[SciPy-dev] Re: [SciPy-user] Install failure of SciPy

Pearu Peterson pearu at cens.ioc.ee
Sat Oct 19 06:31:17 CDT 2002


Hi Travis,

On Fri, 18 Oct 2002, Travis Oliphant wrote:

> >
> > I hope that after all the trouble, you'll not give up on SciPy, especially
> > when I have another bad news about the Intel compiler support.
> >
> > First, to fix the above problem, insert the following line
> >
> > #define isnan cephes_isnan
> >
> > to files
> >
> >   special/cephes/mconf_LE.h
> >   special/cephes/mconf_BE.h
> >
> 
> Should this be changed in the source tree.  It looks like other
> platforms/compilers have an isnan already defined.

Yes. At least under linux, isnan is a macro (what about Windows, Sun
platforms?), so, I renamed cephes isnan() to cephes_isnan() and using it
only when macro isnan is not defined.

> > and re-run the build command that should finish now successfully.
> >
> > The bad news is that when running scipy tests, it will segfault after
> >
> > .Testing ncf
> >
> 
> This is definitely a special function problem.  This is the "first-place"
> in the scipy testing that one calls out to a (hand-wrapped) fortran-compiled special function.
> I'm sure the problem is with different linking needs, here.

I'm not sure that the problem is with linking. Only few functions actually
give segfaults. Other seem to work fine.

> The special function module needs a c-function to call so that's why f2py
> was not used.

You mean that wrapper functions execute additional C commands after
returning from C/Fortran function? In principle, f2py can handle this (I
have used it in few places in linalg wrappers) but I'd like to introduce
better hooks for this in f2py before others start to use it...

>  I'm not sure how to get setup to use the right compiler
> switches so that the FORTRAN code called in cdf_wrappers.c works on many
> platforms.

I don't understand the problem. As I said above, it seems that only few
functions cause the trouble with ifc (I haven't tested them all, though).

> > in the stats module (I have tested it both on suse and debian with
> > Intel 5.0 compiler). All other tests from other modules seem to pass fine.
> >
> > I am not sure yet what function, even what module exactly, is causing this
> > segfault, but it must be either stats or special (as stats uses special).
> 
> I'm sure it's special.

I agree.

> Try calling special.ncfdtr all by itself and seeing what happens.

Here follows some debugging info:

>>> import libwadpy
WAD Enabled
>>> import cephes
>>> cephes.ncfdtr(1,1,1,1)
WAD: Collecting debugging information...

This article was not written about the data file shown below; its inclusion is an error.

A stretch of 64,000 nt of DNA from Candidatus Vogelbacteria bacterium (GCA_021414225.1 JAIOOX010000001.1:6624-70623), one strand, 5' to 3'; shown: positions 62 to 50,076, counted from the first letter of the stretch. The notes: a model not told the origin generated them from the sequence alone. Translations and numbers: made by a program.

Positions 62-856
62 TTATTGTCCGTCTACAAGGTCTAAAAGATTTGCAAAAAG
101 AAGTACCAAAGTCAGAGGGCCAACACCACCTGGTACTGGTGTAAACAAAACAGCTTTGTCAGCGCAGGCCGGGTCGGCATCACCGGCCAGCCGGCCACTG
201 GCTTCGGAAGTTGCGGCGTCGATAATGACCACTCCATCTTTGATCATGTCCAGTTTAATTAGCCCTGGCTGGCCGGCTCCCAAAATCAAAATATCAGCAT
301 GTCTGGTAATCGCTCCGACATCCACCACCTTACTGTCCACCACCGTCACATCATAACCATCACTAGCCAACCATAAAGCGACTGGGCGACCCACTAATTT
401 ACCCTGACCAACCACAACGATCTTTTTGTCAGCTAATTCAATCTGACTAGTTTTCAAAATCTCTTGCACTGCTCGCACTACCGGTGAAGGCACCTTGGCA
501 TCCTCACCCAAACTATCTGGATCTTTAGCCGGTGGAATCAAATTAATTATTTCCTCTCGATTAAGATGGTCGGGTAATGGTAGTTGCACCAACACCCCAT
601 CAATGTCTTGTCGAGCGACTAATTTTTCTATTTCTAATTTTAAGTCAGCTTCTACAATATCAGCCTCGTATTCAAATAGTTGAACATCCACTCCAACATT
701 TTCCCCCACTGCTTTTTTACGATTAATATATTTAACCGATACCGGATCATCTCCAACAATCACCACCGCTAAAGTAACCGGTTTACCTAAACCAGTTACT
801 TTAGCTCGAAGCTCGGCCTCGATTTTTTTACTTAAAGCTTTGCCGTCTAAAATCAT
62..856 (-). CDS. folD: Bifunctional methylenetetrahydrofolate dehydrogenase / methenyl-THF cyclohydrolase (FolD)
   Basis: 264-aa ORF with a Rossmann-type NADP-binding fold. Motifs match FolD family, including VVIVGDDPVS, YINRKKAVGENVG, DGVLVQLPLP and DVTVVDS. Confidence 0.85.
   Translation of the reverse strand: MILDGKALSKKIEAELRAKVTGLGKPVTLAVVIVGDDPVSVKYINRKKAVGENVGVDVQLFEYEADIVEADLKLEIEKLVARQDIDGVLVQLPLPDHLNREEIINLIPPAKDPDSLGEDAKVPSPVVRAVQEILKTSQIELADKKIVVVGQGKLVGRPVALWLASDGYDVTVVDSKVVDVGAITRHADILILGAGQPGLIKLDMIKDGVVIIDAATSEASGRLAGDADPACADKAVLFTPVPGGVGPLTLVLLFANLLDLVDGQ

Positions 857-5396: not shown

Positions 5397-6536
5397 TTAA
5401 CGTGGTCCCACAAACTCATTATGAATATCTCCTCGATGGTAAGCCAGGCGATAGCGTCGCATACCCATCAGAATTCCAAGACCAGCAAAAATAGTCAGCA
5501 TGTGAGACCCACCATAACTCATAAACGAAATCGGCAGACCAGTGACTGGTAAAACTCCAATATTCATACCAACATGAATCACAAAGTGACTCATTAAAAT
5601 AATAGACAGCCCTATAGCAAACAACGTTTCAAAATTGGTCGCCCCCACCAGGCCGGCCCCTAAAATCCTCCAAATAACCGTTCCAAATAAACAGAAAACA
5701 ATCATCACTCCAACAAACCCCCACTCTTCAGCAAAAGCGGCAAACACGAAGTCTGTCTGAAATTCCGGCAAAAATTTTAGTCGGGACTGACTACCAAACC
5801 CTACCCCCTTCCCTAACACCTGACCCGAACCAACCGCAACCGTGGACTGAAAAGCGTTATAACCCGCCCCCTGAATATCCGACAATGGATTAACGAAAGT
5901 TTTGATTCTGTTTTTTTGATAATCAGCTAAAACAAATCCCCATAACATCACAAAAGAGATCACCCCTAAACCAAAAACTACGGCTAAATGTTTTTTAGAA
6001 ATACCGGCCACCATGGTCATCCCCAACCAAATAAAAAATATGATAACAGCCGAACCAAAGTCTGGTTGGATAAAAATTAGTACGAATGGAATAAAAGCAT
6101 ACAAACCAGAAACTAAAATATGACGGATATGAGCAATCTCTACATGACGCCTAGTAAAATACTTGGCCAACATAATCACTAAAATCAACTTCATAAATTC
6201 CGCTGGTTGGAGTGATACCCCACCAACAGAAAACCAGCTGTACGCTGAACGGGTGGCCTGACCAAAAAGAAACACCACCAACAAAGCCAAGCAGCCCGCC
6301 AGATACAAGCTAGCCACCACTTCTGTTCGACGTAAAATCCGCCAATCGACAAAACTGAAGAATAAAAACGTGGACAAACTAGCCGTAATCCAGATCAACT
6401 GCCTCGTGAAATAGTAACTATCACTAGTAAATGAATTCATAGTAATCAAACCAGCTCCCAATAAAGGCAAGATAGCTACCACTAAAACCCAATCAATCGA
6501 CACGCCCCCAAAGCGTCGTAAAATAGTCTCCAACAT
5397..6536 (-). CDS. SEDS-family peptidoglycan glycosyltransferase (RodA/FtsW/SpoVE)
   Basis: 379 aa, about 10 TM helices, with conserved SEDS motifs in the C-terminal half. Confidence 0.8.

WAD: Segmentation fault.
#0   0x403cfb98 in select_types()

In GDB:
>>> import cephes
>>> cephes.ncfdtr(1,1,1,1)
(no debugging symbols found)...
Program received signal SIGSEGV, Segmentation fault.
[Switching to Thread 1024 (LWP 3214)]
0x4038ab98 in select_types (self=0x0, 
    arg_types=0x3ff00000 <Address 0x3ff00000 out of bounds>,
data=0x80f3560, 
    function=0x0) at Src/ufuncobject.c:235
235                 for(j=0; j<self->nin; j++) {


> > And both modules cannot be tested locally (special even doesn't have
> > working unittests)
> 
> Unittests for special are being written as we speak (I've got an undergrad
> working on it).

Great! I have introduced few simple testing hooks already. I hope they
will not get into a way.

> > as they import scipy and that makes finding/fixing bugs
> > very time consuming and difficult. I also tried to remove the dependencies
> > of these modules on scipy
> 
> I don't think stats should ever have dependency on scipy removed (it will
> always need special for example).
> 
> Special should be able to depend only on scipy_base.

Note that special.orthogonal uses linalg.eig, otherwise it seems to be
rather independent.

OT:
Hmm, I have long time had in mind implementing lazy import
hooks so that modules will be imported only when some of its function is
acctually going to be used. This would reduce scipy import time
considerably (sometimes it takes 5-15 seconds to just import scipy) and
would make scipy more accesible for simple scripts that use only few scipy
features.
The general idea would be the following:

m = lazy_import('m')  # lazy equivalent of 'import m'
# m would be a lazy_import class (maybe subclass of module class) instance
# that will be stored also in sys.modules, it contains only python state
# (sys.path, etc.) needed to import m.

m.foo()
# When accessing m attribute for the first time, the following would
# happen:
# 1) m is removed from sys.modules
# 2) 'import m' is executed
# 3) local lazy_import instance `m' is replaced with module `m' instance


> >
> > So, unless someone will figure out quickly the source of this segfault,
> > the Intel compiler remains unsupported. But I'll keep looking for the
> > solution ...
> >
> 
> Again, I think it has to do with magic C-to-Fortran calling conventions
> for the Intel compiler.
> 
> Pearu,
> 
> You will recognize the
> 
> #if defined(NO_APPEND_FORTRAN)
> #if defined(UPPERCASE_FORTRAN)
> #define F_FUNC(f,F) F
> #else
> #define F_FUNC(f,F) f
> #endif
> #else
> #if defined(UPPERCASE_FORTRAN)
> #define F_FUNC(f,F) F##_
> #else
> #define F_FUNC(f,F) f##_
> #endif
> #endif
> 
> code in the C-wrappers (remember these are not Python wrappers) for the
> fortran code in cdflib and specfun.

I don't understand the relevance of your notes. AFAIK, Intel compiler does
not use magic for C-to-Fortran calling more than any other compiler.

Pearu




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